One of the original mature articulations of Flavin’s archetypal artistic language, Alternate Diagonals of March 2, 1964 (to Don Judd) arranges four commercial neon tubes together against the wall, so that the three tubes side-by-side at the base of the configuration echo the serial progression of Judd’s celebrated “Stacks”. The artist used only commercial, readily available fluorescent lights which come with limited formats, a finite palette and a pre-determined parameter of brightness; the artist’s hand is erased, and yet the sculpture is nevertheless charged with Flavin’s sweeping creativity and reductive thoughtfulness. In 1965, Flavin wrote, “The ‘diagonal’ in its overt formal simplicity was only the installation of a dimensional or distended luminous line of a standard industrial device. Little artistic craft could be possible… The ‘diagonal’, in the possible extent of its dissemination as common strip of light or a shimmering slice across anybody’s wall, had the potential for becoming a modern technological fetish.” (Dan Flavin, “…in daylight or cool white,” Artforum, December 1965) Appropriating the bulbs whose mass industrial production served to illuminate the conduits of advertising that Pop artists were already probing to the fullest extent, and with only a few circumscribed variations of color, arrangement and size, Flavin rendered light in its purest form—at once metaphysical and concrete. In its majestic command of the wall, the present work demonstrates Flavin’s exceptionally acute sensitivity to arrangement and context, emblematic of his interest in how works occupy three-dimensional space within a particular environment.
At the heart of the work’s exterior cool is an elegiac monument to the relationship between two friends who together quietly sparked a revolution. Dan Flavin and Donald Judd inspired each other’s shared aesthetic interest in mining industrial materials for their inherently sensitive expressions of light and space, yet each retained wholly individual approaches that are both iconic in their own right. Judd intrinsically understood Flavin best when he said, “Three main aspects of Flavin’s work are the fluorescent tubes as the source of light, the light diffused throughout the surrounding space or cast upon nearby surfaces, and the arrangement together or placement upon surfaces of the fixtures and tubes. The lit tubes are intense and very definite. They are very much a particular visible state, a phenomenon. The singleness of isolation of phenomena is new to art and highly interesting.” (Donald Judd quoted in Exh. Cat., Washington, D.C., Op. Cit., p. 72) As Michael Govan remarked, for Judd—a man who valued concise minimal expression as much in his work as in his speech—this was the highest of accolades. Both artists sought to avoid metaphorical interpretations of their work as icons of a divine, transcendent spirit, instead conceptualizing their formal achievements in terms of rational, earthly and matter-of-fact phenomena.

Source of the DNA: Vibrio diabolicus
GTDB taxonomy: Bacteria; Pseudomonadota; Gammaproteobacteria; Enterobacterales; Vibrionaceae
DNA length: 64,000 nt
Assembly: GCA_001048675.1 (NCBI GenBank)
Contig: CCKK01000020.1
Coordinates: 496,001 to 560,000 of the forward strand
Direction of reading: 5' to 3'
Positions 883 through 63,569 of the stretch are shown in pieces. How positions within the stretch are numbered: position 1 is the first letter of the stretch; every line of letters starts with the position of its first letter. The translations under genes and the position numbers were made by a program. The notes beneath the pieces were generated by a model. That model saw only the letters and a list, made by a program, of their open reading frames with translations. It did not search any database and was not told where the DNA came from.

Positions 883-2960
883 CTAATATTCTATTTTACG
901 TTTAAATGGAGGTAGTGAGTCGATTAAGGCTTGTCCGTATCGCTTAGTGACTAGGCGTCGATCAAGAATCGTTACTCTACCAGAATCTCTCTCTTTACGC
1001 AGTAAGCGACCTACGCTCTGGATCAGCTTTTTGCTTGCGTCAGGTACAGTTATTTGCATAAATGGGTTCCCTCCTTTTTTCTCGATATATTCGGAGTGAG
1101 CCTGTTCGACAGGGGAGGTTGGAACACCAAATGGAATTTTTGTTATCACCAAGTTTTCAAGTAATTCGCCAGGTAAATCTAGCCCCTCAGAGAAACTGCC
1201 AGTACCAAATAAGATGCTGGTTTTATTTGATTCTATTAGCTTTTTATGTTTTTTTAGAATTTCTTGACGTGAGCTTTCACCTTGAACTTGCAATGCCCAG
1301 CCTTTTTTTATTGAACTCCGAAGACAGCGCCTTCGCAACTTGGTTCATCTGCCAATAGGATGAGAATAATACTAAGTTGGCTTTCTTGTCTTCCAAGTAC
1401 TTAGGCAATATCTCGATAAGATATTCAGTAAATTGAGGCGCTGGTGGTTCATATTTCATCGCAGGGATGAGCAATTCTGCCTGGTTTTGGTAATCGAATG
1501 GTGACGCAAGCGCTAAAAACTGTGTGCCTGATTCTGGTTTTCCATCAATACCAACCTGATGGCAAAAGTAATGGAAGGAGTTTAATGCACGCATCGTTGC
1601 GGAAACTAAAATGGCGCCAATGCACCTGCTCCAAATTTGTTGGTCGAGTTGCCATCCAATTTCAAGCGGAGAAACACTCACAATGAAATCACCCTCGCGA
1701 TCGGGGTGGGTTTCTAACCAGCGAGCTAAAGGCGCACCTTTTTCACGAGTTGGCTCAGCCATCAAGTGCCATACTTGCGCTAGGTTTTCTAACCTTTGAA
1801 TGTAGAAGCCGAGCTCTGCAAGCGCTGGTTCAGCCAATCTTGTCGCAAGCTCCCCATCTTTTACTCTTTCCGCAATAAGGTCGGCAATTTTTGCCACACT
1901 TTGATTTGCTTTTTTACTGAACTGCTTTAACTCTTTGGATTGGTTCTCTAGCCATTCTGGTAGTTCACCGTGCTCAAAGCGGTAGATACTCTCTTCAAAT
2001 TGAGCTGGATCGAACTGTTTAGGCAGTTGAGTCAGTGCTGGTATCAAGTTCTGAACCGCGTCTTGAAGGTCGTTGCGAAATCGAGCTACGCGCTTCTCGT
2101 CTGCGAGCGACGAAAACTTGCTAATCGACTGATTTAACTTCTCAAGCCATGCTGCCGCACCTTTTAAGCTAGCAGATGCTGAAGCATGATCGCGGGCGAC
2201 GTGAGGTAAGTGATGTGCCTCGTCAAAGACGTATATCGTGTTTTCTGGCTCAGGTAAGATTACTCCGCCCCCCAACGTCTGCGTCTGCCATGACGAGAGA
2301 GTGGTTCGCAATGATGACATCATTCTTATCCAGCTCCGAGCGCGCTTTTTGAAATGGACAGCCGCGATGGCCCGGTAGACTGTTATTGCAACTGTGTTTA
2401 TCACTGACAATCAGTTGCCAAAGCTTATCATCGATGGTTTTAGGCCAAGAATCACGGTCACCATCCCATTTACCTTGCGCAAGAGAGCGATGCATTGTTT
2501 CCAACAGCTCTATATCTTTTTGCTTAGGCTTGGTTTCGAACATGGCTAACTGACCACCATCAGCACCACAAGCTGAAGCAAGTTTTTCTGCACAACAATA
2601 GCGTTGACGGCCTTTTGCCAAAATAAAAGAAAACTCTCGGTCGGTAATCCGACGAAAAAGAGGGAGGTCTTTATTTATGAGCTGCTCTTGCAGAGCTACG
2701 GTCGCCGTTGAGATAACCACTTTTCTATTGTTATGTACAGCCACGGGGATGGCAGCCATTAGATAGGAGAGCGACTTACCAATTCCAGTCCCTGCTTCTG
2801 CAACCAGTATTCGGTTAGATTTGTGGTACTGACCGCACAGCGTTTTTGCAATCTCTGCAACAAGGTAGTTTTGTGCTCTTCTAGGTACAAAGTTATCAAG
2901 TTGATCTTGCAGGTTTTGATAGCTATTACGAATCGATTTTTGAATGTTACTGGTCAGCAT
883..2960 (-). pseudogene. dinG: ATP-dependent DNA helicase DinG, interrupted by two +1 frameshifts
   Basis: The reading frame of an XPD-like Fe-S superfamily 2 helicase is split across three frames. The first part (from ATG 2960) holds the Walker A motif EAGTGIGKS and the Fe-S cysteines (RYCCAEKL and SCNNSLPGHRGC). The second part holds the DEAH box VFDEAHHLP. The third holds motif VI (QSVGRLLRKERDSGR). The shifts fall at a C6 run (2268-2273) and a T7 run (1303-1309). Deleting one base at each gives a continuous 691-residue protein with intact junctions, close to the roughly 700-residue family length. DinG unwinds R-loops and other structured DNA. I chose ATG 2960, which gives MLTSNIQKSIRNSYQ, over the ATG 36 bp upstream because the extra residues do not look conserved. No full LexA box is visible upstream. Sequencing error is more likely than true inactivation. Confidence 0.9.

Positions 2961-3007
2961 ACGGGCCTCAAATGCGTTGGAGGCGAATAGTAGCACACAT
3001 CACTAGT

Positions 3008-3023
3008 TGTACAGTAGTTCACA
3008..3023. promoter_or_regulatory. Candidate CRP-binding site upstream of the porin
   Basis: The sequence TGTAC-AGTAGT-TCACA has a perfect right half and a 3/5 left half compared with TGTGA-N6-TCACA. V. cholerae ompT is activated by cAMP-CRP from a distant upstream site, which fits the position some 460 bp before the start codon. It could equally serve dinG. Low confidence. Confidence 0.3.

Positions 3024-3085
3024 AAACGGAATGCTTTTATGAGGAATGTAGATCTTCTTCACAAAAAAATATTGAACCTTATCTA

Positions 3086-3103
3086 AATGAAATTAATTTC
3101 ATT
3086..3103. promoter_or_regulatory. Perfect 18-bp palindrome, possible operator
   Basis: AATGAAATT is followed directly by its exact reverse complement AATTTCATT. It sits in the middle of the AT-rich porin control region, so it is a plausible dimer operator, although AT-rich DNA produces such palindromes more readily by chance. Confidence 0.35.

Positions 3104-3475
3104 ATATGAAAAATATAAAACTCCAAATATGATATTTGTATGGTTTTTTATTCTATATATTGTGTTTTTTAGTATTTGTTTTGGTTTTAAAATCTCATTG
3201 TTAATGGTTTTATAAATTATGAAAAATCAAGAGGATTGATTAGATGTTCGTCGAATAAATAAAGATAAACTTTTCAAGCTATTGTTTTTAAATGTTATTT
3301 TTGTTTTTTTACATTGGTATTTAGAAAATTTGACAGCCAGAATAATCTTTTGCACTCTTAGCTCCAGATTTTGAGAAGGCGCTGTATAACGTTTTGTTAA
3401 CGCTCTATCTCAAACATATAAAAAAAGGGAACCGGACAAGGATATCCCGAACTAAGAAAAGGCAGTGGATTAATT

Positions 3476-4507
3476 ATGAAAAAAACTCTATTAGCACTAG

Accentuating its overwhelming historical significance, another edition of the present work is held in the collection of the Art Gallery of Ontario, while various permutations bearing the identical size and title but varying in fluorescent hues belong to the Dallas Museum of Art, the Museum of Contemporary Art in Chicago and the Chinati Foundation in Marfa. Flavin’s very first diagonal—a single yellow bulb from 1963 that is the only diagonal composition to precede Alternate Diagonals of March 2, 1964 (to Don Judd) —paid tribute to Constantin Brancusi, whose totemic columns mirror Flavin’s own sculptures in their formal simplicity and apparent capacity for limitless distention. Embodying the surging skyward potentiality of a Brancusi, while emitting light from its inner core similar to Mark Rothko’s color-fields or Barnett Newman’s “zip”, the present work is a paragon of Flavin’s oeuvre, which quaked the foundations of art history and illuminated a new trajectory for its future.